Coming together in the Solomons around the Bible

8 April 2012 |

Joshua Maule

[This story first appeared on the Eternity News website…used with permission]

Solomon Islanders could teach Aussies a thing or two about unity.

Among the island groups which have a history of conflict, Christians
spanning Uniting, Roman Catholic, Anglican, Assemblies of God, South
Seas Evangelical Church and Wesleyans, joined together for a “Training
Local Trainers” workshop run by Langham Partnership Australia last

Rory Shiner, pastor of St Matthew’s Unichurch Perth, was part of a
team delivering the training from February 20-24, and believes there
were both direct and indirect benefits.

“You’ve got the general consequences of the lift in the quality of
preaching and a more expositional approach to preaching,” says Shiner.
“But then you’ve got the unintentional consequences of pastors from
different denominations meeting each other.”

Shiner was first introduced to the work of Langham when he met the
late John Stott. He believed it empowered local Christian leaders in the
majority world to understand God’s word. “Langham is a pretty
rigorously indigenising kind of movement. From the very start you’re
looking for outsiders to not be needed within about five years,” he

After giving an injection of training for leaders in the Solomon
Islands, Langham Partnership Australia will take a step back and allow
locals to run preachers’ clubs and continue to train one another in
preaching the Bible.

This most recent training school gathered a small group of pastors in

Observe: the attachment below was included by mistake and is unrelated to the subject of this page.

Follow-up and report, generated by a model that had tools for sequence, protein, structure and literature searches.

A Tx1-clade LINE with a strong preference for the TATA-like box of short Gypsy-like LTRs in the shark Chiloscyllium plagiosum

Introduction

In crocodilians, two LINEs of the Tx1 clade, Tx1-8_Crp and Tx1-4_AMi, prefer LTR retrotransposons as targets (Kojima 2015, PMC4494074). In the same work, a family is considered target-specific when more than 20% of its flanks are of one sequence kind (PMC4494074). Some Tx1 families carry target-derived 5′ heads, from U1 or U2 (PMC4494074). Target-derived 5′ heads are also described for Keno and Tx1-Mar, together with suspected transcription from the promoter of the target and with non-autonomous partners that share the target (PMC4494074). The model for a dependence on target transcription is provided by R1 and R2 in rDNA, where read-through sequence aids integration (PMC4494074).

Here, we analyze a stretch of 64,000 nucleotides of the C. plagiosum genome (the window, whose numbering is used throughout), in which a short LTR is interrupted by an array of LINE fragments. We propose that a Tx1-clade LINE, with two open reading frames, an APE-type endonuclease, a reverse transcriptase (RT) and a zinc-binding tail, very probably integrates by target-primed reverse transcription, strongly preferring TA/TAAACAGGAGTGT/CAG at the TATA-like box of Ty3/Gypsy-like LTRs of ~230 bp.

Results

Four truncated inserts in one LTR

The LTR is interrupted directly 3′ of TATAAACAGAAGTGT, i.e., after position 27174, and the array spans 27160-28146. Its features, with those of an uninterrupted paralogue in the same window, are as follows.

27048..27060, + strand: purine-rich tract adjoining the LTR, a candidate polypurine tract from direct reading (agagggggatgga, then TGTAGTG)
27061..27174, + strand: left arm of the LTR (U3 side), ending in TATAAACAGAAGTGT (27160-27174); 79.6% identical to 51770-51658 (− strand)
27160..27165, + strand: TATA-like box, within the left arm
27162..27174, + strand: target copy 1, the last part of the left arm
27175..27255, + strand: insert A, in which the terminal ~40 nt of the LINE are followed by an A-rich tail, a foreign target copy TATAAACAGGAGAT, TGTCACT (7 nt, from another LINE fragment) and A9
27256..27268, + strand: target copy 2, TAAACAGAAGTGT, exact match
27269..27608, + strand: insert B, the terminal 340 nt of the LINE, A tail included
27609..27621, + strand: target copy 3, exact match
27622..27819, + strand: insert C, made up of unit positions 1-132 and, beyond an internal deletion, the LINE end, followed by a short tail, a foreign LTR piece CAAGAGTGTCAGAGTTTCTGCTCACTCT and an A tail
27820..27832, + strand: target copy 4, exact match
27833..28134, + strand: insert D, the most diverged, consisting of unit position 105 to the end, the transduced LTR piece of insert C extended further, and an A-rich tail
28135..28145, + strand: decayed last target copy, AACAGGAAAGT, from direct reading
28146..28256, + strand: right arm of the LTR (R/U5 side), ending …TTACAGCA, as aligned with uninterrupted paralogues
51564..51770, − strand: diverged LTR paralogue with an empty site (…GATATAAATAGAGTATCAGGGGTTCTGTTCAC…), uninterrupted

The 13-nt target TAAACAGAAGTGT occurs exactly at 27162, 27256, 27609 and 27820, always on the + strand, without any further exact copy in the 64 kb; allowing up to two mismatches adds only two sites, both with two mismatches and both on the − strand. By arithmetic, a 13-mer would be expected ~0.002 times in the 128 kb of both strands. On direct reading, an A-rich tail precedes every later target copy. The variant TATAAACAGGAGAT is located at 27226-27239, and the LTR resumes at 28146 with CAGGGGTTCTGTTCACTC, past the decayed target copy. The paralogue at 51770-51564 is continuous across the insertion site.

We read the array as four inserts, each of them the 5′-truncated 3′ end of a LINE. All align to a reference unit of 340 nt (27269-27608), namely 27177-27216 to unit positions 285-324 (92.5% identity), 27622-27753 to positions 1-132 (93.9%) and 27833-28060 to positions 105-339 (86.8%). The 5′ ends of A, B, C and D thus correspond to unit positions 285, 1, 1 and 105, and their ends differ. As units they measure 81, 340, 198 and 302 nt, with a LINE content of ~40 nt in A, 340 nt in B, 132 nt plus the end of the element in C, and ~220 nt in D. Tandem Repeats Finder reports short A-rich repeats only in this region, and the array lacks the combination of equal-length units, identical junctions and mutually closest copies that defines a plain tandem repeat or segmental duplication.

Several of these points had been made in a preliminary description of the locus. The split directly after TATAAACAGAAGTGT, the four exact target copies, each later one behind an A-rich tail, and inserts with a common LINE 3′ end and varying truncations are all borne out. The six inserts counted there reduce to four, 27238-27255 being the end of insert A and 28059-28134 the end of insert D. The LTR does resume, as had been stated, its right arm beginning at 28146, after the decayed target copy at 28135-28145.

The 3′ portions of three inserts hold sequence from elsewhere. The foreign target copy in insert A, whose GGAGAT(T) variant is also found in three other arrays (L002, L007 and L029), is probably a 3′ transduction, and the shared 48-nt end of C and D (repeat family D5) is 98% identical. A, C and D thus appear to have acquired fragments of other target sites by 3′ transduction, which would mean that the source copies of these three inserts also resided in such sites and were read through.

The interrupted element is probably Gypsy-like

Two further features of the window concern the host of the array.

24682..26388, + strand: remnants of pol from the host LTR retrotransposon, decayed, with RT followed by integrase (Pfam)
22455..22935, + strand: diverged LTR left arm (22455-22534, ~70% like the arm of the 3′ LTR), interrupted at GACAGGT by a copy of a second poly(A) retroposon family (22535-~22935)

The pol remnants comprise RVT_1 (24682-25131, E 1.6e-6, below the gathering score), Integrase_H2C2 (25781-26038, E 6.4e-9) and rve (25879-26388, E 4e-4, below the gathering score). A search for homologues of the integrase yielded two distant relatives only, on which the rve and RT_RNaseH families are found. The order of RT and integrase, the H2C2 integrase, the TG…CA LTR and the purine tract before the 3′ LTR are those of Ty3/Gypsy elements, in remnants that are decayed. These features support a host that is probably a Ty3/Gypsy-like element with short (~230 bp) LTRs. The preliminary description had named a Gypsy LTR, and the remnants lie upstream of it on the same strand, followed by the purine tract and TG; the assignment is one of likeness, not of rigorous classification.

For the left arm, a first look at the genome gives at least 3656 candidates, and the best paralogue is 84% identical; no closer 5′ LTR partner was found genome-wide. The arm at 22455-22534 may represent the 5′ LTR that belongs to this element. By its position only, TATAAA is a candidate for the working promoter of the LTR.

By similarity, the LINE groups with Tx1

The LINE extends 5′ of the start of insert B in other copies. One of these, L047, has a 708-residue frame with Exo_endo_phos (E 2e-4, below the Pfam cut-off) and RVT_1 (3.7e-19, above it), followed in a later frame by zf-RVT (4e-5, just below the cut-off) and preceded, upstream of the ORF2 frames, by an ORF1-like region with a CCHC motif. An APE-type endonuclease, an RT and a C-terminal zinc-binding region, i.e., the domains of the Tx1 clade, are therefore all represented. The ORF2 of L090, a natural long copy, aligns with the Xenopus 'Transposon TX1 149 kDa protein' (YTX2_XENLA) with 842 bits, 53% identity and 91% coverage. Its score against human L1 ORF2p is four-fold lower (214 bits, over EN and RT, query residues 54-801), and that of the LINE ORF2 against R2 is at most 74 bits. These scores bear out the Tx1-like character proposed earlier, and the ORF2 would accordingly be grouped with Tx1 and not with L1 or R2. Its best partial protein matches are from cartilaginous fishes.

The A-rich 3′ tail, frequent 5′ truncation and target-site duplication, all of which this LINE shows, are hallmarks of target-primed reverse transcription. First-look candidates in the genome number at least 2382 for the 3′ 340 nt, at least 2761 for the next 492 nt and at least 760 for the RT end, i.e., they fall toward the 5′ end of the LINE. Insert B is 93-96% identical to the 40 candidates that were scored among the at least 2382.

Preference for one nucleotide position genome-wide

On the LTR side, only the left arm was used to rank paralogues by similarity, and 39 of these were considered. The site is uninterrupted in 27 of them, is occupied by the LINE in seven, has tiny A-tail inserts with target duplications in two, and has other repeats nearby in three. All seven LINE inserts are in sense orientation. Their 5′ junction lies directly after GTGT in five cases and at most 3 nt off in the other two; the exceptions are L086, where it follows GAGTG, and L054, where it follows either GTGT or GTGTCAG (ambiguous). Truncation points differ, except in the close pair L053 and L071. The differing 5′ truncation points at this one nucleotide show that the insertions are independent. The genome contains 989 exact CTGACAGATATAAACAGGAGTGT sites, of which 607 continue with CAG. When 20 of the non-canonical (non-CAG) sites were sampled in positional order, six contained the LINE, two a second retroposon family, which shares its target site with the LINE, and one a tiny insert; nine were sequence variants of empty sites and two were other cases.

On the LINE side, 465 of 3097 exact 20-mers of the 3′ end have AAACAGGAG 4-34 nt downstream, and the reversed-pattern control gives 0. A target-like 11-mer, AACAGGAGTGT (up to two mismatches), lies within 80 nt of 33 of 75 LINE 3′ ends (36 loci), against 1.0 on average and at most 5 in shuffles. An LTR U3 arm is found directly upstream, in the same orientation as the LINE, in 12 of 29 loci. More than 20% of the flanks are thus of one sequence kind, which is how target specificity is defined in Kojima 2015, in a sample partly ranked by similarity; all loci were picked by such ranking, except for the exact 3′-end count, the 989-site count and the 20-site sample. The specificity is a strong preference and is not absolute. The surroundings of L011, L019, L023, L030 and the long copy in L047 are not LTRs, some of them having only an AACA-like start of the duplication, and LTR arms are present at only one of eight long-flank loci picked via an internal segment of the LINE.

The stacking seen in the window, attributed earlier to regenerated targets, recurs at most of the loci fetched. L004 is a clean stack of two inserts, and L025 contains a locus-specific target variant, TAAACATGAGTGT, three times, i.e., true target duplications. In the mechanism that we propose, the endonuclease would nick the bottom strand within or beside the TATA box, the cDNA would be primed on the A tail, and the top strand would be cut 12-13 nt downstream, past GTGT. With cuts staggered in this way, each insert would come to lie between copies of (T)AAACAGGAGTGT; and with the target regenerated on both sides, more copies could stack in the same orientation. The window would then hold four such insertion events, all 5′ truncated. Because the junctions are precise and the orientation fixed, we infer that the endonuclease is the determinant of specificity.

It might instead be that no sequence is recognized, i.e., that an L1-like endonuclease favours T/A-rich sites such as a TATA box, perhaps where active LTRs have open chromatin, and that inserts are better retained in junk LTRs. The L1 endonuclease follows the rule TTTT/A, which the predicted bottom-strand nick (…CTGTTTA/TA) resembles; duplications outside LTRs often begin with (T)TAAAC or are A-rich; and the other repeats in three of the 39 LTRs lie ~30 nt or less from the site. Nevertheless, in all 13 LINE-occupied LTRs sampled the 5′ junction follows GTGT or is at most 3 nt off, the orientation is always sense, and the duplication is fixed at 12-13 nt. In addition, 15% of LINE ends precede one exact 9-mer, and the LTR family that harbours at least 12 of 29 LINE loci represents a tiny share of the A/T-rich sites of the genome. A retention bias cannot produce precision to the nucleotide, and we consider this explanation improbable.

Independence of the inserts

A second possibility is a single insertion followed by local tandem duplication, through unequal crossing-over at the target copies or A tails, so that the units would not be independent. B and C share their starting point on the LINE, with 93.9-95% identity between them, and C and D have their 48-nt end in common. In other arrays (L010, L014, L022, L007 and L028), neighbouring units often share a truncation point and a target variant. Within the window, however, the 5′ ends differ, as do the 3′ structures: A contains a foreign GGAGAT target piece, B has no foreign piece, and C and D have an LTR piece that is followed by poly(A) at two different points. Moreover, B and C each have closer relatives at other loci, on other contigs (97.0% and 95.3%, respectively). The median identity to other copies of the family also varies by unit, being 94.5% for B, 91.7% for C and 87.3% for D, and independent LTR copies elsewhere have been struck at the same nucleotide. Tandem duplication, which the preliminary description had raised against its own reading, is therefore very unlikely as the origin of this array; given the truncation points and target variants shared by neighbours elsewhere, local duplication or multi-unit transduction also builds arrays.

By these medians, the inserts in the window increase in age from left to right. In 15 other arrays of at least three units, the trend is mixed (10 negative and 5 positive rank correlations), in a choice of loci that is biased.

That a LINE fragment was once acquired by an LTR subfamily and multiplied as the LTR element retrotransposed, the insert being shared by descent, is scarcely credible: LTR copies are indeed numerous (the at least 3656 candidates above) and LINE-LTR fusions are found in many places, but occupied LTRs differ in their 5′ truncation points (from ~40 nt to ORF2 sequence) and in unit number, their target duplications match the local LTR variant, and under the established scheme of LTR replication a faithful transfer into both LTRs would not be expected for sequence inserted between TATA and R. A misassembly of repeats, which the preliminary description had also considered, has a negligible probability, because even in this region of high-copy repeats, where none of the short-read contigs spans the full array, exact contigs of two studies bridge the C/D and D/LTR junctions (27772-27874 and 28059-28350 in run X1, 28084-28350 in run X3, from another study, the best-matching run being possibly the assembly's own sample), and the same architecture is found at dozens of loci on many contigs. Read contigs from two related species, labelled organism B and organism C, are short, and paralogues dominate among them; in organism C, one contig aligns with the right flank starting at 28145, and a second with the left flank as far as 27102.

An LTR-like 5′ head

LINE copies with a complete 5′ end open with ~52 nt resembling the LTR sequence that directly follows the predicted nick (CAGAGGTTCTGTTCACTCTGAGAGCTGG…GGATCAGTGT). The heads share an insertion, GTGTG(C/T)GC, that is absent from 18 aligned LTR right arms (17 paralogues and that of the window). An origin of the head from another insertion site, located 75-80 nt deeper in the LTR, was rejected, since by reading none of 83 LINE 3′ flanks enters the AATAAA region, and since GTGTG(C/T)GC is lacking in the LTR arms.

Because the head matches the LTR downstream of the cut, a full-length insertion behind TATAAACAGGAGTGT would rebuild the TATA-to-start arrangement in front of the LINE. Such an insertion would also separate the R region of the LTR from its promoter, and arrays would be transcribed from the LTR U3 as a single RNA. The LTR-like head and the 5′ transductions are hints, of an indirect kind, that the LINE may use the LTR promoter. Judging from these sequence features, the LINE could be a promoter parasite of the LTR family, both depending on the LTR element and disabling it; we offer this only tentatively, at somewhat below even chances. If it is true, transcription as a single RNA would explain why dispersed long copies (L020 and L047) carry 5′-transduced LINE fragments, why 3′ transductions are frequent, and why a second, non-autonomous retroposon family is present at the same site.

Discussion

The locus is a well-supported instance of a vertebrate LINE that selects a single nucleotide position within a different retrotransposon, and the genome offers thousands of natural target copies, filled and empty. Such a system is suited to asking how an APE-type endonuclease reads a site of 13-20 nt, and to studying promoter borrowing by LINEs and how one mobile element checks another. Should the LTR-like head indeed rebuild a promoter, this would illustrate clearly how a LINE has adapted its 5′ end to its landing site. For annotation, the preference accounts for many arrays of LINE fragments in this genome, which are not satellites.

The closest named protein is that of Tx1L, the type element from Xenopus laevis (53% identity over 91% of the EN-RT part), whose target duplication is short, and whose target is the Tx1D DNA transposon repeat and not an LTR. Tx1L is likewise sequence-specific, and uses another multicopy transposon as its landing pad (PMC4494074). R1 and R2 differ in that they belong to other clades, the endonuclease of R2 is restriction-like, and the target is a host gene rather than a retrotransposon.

the Solomons. It’s the fourth time Langham Australia has visited the
Island group.

“This is beginning to help them see how they can train others in how
to both study and preach the word of God,” says Wendy Toulmin, executive
officer of Langham Australia. “Our catch cry is how to be faithful,
clear and relevant.”

Langham also has programs to encourage local Bible scholarship and
preachers’ clubs where local Christians gather in small clusters to give
feedback on one another’s sermons.

One pastor from the Solomons remarked during a Langham preaching
school, “All through the years we have been trying to interpret the
Bible without allowing it to speak for itself.” Another preacher said:
“One important thing I learned was to let the Bible speak for itself.”

“Australia is resource rich and response poor to the gospel,” says
Rory Shiner, “and the Solomons is response rich and resource poor.”

“People in Australia have got exposure to massive resources and
people are fairly lethargic to the gospel. There’s a compelling argument
in terms of the allocation of resources.”

Langham Australia will return to the Solomon Islands later this year to continue their partnership with the region.

Below is a video featuring testimonies of those who have participated in preaching schools in the Solomons.

Solomons 2010